Bill Ladson

Baker introduced as Nationals' new manager

Baker introduced as Nationals' new manager

WASHINGTON -- The Nationals made it official Thursday morning by introducing Dusty Baker as their manager for the next two years.

Baker, 66, declined to call himself old, instead saying he was experienced. On this day, he was affable and dropping names, mentioning people from Barack Obama to Stevie Wonder. The bottom line is, Baker hopes to take Washington to the next level, and that's win the World Series.

Even though he hasn't managed a game in Washington, Baker called the Nationals the most talented team he had to deal with. It helps that the team has Bryce Harper and Max Scherzer on the roster.

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"This is my fourth and final team. Beyond compare, this is the best talent. That's why I was excited about coming here," Baker said. "Most of the other teams that I had were either on the bottom or near the bottom and [we] had to rebuild them from the bottom. …

"There's some big talent [here]. They have young talent here, some mixture of youth and experience at the same time. I always liked that formula. The youth gives you energy, they do crazy stuff. Hopefully, the veteran players can give some of their wisdom and knowledge they have acquired over the years -- on and off the field."

Baker wants to bring a brotherhood into the clubhouse. Basketball great Bill Russell and NFL Hall of Famer Bill Walsh taught Baker that a close relationship between the players brings a winning atmosphere.

"They told me a team has to be close," Baker said. "I can bring X's and O's. … They said love was the key. I was shocked they told me that. I want to get this team together as soon as possible -- top to bottom. The great teams that I have been on and the organizations I've been in, everybody had a positive attitude."

Baker to manage Nats

At first, Baker didn't think he was going to manage the Nats. He was on a book tour last week when he learned from his wife that Bud Black had the job, according to published reports.

Baker acknowledged that he was bewildered as to why no one from the Nationals called to inform him he didn't get the job. Baker later learned the Nats hadn't yet made their decision.

Then Baker received a call from managing principal owner Ted Lerner, who said that Baker was not out of the running and there was a good chance he would become manager of the team. Baker was named the manager of the Nationals on Monday.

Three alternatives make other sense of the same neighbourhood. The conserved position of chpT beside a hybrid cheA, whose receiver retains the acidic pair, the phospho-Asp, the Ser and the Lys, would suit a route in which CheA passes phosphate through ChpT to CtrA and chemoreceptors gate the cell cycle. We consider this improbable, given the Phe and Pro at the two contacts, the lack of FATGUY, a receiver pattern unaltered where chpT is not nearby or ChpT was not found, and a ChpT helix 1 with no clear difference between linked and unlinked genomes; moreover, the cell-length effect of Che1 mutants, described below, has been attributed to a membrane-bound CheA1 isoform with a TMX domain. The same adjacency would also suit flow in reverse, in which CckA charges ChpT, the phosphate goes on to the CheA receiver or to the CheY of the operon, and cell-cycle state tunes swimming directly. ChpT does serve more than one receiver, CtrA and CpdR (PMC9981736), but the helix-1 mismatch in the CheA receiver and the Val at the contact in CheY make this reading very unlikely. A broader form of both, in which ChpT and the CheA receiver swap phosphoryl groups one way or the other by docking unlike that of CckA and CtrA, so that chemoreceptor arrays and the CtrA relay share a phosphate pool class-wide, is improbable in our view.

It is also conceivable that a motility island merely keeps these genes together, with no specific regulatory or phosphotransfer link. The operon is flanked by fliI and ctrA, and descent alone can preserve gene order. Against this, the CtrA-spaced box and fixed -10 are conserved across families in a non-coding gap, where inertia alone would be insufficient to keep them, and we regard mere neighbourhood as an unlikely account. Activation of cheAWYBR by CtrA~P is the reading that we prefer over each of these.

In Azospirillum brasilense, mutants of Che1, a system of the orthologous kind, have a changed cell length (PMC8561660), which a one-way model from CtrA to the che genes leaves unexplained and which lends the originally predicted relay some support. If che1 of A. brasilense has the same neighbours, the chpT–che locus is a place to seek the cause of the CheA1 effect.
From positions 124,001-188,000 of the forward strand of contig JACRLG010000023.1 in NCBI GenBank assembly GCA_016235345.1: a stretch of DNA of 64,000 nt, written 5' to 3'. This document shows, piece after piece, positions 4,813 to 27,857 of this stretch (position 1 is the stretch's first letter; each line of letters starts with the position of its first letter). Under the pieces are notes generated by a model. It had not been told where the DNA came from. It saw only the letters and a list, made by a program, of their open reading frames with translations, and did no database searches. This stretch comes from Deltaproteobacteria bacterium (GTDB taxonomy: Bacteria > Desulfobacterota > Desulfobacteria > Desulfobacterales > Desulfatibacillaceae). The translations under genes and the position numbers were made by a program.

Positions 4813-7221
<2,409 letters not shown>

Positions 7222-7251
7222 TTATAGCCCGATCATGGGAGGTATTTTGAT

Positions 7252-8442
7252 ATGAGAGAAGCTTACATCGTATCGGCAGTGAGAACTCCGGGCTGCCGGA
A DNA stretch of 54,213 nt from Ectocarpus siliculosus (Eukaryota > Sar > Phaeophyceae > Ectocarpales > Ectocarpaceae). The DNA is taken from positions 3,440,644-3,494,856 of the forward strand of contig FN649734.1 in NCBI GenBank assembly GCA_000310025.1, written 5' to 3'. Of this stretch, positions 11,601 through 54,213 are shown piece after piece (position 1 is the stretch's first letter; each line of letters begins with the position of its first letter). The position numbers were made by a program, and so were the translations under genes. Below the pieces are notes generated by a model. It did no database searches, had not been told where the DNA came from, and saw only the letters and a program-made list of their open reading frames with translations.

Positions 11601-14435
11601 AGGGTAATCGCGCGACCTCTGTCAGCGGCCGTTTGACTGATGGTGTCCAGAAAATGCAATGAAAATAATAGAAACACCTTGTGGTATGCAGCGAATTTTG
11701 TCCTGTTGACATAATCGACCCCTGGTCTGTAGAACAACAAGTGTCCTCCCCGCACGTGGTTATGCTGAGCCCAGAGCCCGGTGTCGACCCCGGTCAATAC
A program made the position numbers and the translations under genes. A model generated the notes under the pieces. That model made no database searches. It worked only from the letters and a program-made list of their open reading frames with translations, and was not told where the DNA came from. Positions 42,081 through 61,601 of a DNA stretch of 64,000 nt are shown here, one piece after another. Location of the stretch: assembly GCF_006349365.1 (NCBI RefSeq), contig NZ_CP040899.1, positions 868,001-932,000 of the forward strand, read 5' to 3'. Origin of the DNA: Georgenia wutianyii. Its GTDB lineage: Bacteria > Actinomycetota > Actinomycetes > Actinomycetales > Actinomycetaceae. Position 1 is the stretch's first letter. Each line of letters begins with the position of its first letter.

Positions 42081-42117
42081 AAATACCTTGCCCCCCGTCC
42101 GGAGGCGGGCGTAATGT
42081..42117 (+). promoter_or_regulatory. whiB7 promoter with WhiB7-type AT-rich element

"When things leak out and the media runs with it, there's not a whole lot we can do about it," Nationals general manager Mike Rizzo said. "It was a unique situation. … At the end of the day, it did not come down to money, it did not come down to terms. It came down to who we were most comfortable with. Dusty was the right choice. ... The negotiation process tells you a lot about the people that you are negotiating with. As we discussed baseball in the interview process and parameters and financial process, we came to the conclusion that Dusty Baker was the perfect guy for us."

Duquette on Nats, Baker

Rizzo wanted a manager with a deep resume and a history of winning. Baker, who replaces Matt Williams, has 20 years of experience with the Giants, Cubs and Reds, with a career record of 1,671-1,504, five division titles and a National League pennant with San Francisco in 2002.

Baker is 17th on the all-time managerial wins list, and he will be second only to Giants skipper Bruce Bochy (1,702) among active managers.

Baker is a three-time NL Manager of the Year Award winner in 1993, '97 and 2000 -- all with the Giants. He last managed in '13 with the Reds, guiding them to the NL Wild Card Game against the Pirates, where they lost, 6-2.

Capturing a World Series title as a manager is important to Baker, who wants to win a ring that has eluded him over the years. The closest he came was in 2002 with the Giants, who lost in seven games to the Angels.

"His strengths are plentiful. He does everything you need to do to become a successful manager," Rizzo said. "He is famous for the handling of the players and the handling of the clubhouse. But when you look farther and you dig deeper and you watch the man navigate nine innings of a baseball game, it is truly something to watch when you are looking in depth."

Bill Ladson is a reporter for This story was not subject to the approval of Major League Baseball or its clubs.